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SimplyScripts Screenwriting Discussion Board  /  February, 2008 One Week Challenge  /  Never Stop Running - OWC
Posted by: Don, February 23rd, 2008, 9:33am
Never Stop Running by Timothy F. Betts (Souter Fell) - Short, Drama - Two prisoners on the run seek refuge from the outside world. - pdf, format 8)
Posted by: Zombie Sean, February 23rd, 2008, 12:13pm; Reply: 1
Okay, this was a hard one to read.

First off, you barely even followed the genre and theme. Your only mention of the prison cell was at the beginning, and it was only half of the page. The rest was out in the wilderness where they were talking about being in prison and stuff. This was also more of a thriller/horror/suspense rather than a drama.

The reason why this was a hard one to read was because of your descriptions. The way you described things sort of made it hard to follow, such as describing metal teeth crunching a walking stick, and later telling us that it's a bear trap, when you could have just said it was a bear trap in the first place. I didn't understand where they were going except it was like a bunker, and there were hatches...and stuff...it made it sound like Gerald was prepping up to get in an underground rocket ship or something the way I saw it.

Also, I don't fully understand why Gerald gets so defensive when he finds out Mason is on Parole...has been paroled...whatever.

The thing I liked about it best, though, was that it had zombies in it. I was thinking of doing a zombie drama in a pirson cell...but that'd be kind of hard...and I'm sort of trying to take a break from zombies.

Sean
Posted by: Old Time Wesley, February 23rd, 2008, 3:58pm; Reply: 2
isn't the whole point of a short to have a beginning middle and end? I don't see a middle or an end here. It's like a scene from a "new" updated George Romero film where he tries to make unique zombies to say "I'm still the man" but we all know time hasn't been well to the man's ability.

Anyway, the short is odd and I've never seen a zombie that can't find a man with a bloody leg... even if it is wrapped in a shirt.

It had some "real" moments between Mason and Gerald but the story is barely existing and the reason why they are headed where they are headed makes no sense until we learn about the zombies.

Why would the prisoners be left in prison if the zombies have taken over the world? Was the prison overrun with zombies? Were the prisoners starving to death? Did he have to escape in order to live?

I just felt like with a little more effort you could have made this a little better. It's not terrible but it is incomplete.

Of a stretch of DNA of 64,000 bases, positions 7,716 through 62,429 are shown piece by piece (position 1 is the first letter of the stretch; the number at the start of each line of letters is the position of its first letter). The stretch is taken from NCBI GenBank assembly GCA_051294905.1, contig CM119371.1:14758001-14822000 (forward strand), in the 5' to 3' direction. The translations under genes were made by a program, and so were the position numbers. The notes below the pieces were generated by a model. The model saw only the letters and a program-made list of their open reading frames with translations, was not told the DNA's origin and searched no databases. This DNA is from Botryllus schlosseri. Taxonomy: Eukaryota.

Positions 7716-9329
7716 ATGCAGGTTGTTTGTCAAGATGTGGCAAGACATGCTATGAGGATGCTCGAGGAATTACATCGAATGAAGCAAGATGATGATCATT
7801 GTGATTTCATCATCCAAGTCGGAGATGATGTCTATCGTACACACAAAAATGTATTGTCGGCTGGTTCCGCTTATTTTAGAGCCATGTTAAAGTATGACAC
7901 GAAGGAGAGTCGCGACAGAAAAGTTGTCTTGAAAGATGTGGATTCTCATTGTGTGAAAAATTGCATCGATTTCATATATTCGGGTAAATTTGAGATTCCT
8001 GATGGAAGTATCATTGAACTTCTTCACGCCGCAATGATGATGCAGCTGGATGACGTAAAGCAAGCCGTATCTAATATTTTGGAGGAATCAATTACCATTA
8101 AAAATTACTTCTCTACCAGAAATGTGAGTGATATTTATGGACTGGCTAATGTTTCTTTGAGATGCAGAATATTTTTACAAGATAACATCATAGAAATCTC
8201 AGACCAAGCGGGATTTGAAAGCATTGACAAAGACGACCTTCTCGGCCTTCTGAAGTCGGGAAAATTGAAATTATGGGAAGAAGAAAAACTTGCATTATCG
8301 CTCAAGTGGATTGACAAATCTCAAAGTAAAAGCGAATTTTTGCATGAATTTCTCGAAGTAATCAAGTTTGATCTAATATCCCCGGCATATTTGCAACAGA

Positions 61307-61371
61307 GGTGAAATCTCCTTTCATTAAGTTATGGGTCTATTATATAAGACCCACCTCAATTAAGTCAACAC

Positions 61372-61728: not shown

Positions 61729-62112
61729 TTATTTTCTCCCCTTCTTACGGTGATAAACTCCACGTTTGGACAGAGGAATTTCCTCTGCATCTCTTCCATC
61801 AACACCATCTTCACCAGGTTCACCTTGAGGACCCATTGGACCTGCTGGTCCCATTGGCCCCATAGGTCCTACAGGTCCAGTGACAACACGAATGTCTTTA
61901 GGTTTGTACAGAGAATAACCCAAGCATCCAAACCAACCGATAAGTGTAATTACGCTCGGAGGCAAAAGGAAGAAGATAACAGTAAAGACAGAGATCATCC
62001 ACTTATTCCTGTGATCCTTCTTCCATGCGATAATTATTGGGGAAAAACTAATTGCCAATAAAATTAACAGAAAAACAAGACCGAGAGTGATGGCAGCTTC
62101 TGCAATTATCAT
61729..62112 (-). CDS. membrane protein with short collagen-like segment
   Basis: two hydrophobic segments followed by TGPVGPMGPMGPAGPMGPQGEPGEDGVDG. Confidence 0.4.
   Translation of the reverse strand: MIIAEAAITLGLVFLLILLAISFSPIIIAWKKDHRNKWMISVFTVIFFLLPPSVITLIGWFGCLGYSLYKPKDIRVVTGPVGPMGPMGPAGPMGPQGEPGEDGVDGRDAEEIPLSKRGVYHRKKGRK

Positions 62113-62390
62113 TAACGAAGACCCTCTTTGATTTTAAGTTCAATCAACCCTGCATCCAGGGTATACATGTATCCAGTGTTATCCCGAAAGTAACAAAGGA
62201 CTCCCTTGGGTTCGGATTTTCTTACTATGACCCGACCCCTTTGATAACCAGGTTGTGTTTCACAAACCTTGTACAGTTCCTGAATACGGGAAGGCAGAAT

Posted by: BPeterson, February 23rd, 2008, 4:11pm; Reply: 3
I actually liked this one but as mentioned above, it doesn't really deal with the genre and theme of the OWC.

I didn't get lost with the descriptions but there was one or two sentences that were worded awkwardly. Otherwise, an interesting futuristic zombie short.
Posted by: James McClung, February 23rd, 2008, 4:39pm; Reply: 4
This one seemed alright until the zombies came in. Their entrance wasn't hinted at in any way. It was completely out of left field and threw the story way off course. With a curveball this big, not to mention awkward, I'm not sure I can call this an entirely successful script. It's just way too uneven. Even Gerald's reaction seemed a little too extreme for the kind of story this seemed like it was set up to be. Again, it felt like it threw the story off course.

You had some good dramatic elements going on between the characters for the most part and I thought their relationship was generally good. There was definitely potential here but it was executed very poorly I think. The result was very disjointed. I also think the OWC guidelines were almost completely disregarded. There's always a couple scripts that don't follow the guidelines just right but here, it felt like they were just ignored, for the most part. No good.
Posted by: greg, February 23rd, 2008, 5:54pm; Reply: 5
I agree with Sean.  This seemed hard to read because it felt like something John Kerry would write.  I didn't feel much emotion or excitement or even drama for that matter. I know the drama was in there, but I didn't feel it,  I just felt like the story was diddling along.  Bringing the zombies in at the end was very out of left field, not that it's a bad thing, but it was just so unexpected.  Kind of comical, actually.

I think with a little more energy this thing could read like Howard Dean, and that would, as a whole, make this that much better.
Posted by: rc1107, February 23rd, 2008, 6:06pm; Reply: 6
Somehow, and I don't know why, I knew there was going to be a zombie brought into a drama.  I know that there's no betting allowed, but I got twenty bucks that says if the next OWC's genre is a musical and the theme is the true story of William Shakespeare, we'd still end up with a zombie script somehow.  And it would probably still kill teenagers whose only dialogues are in cliche's.